#EmptyShelf 2016 #5 #6 #7: The Jewel, The House of the Stone, The White Rose @amyewingbooks

the-jewelI spoke at an event for children’s librarians a couple of year’s ago, and one of the perks was getting copies of books that were recently, or shortly to be, published. When I’m tired I get particular joy out of reading teenage fiction – it’s generally got quite an inspirational, moral line but accompanied by easy reading. The Hunger Games and Divergent are both on the list of series I’ve enjoyed – ones that have worlds that recognisable, but who have a different worldview – always encourages a challenge about how we live, how close we are to living those kinds of lives, and where we can recognise aspects of these lives in our own culture. Last night, I decided to snuggle down under the duvet with one of those kinds of books – I’d just started reading the night before… and ended up finishing three of them by this morning.

In The Jewel, Violet Lasting lives in ‘The Lone City’, a city in which there are five circles (separated by thick walls), with a central zone known as ‘The Jewel’ – where the royalty live lives of luxury, surrounded by the other circles: ‘Bank’, then industry, then farming, and then ‘Marsh’ – a zone of poverty, but also a zone in which every girl, on puberty, is tested to see if she is a ‘surrogate’ – with special powers – taken into a training house, and prepared for ‘The Auction’. At the auction, she is sold – by lot number only (Violet is Lot #197) – to the women on ‘The Jewel’ – with the top 10 lots (out of 200) the most ‘valuable’. Royal women are sterilised on marriage, and allowed one girl/one boy, through a surrogate – women who appear to live lives of luxury, but are in fact in but a very luxurious prison – and in great danger as competing royal women seek to end the lives of other surrogates (and we often forget that these surrogates are only 16/17). In The House of Stone we see the suffering that is really caused to Violet’s best friend, Raven, as the surrogates are truly regarded as ‘property’.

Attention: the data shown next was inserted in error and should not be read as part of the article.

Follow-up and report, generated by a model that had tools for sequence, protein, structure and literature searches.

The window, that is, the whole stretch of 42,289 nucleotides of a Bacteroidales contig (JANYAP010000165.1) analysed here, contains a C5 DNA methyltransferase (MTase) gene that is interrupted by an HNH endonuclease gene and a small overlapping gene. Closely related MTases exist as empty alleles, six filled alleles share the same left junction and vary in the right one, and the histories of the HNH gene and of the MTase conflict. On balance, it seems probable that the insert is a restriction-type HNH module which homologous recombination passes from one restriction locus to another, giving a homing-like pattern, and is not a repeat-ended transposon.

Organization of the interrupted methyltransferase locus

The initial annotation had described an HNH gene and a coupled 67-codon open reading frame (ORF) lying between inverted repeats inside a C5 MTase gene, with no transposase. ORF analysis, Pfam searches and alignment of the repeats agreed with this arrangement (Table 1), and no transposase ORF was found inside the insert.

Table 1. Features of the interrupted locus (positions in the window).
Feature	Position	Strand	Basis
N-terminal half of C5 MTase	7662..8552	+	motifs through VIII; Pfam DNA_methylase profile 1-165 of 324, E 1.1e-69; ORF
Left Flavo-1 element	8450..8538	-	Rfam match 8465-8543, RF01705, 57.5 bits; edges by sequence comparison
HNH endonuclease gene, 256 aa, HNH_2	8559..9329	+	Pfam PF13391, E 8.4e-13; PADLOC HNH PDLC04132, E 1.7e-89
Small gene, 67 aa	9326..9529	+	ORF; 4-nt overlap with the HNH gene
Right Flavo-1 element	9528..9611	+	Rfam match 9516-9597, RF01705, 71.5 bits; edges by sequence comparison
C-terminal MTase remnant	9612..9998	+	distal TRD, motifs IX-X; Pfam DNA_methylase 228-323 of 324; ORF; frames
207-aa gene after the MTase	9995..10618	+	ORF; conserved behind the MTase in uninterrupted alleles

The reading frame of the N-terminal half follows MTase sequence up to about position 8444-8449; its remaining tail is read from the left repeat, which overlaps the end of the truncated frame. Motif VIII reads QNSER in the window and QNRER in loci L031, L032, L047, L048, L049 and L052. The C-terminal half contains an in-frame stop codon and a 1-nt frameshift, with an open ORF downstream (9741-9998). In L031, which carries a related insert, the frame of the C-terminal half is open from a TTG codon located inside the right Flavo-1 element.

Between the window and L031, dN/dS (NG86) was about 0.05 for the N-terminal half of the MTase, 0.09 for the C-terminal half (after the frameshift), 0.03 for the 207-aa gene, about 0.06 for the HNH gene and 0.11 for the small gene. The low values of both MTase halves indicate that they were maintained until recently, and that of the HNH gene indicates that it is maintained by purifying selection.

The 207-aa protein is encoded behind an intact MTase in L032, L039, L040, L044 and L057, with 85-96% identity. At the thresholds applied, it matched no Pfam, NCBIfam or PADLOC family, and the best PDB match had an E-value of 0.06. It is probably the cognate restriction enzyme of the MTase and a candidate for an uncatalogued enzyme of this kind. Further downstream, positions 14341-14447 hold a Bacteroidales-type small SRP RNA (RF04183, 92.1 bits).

white-roseViolet meets another ‘royal captive’ – Ash – they fall in love … and this has many consequences … taking us to the second book – The White Rose – as with the help of a number of others, all part of the Society of the Black Key – we understand more about the original history of the land, the true struggles that all are dealing with (thoughts of human trafficking, poor working conditions in industrial factories and farms, consumerist culture were all coming to mind as I read this book) – and the plans for overthrow and revolution against a cruel world. Who can be trusted? How can the systems be overthrown? Who is suffering, and who still believes the lies given out by those in power.

I’m definitely looking forward to the next (final?) book – although it sounds like I’ve got a little bit of a wait: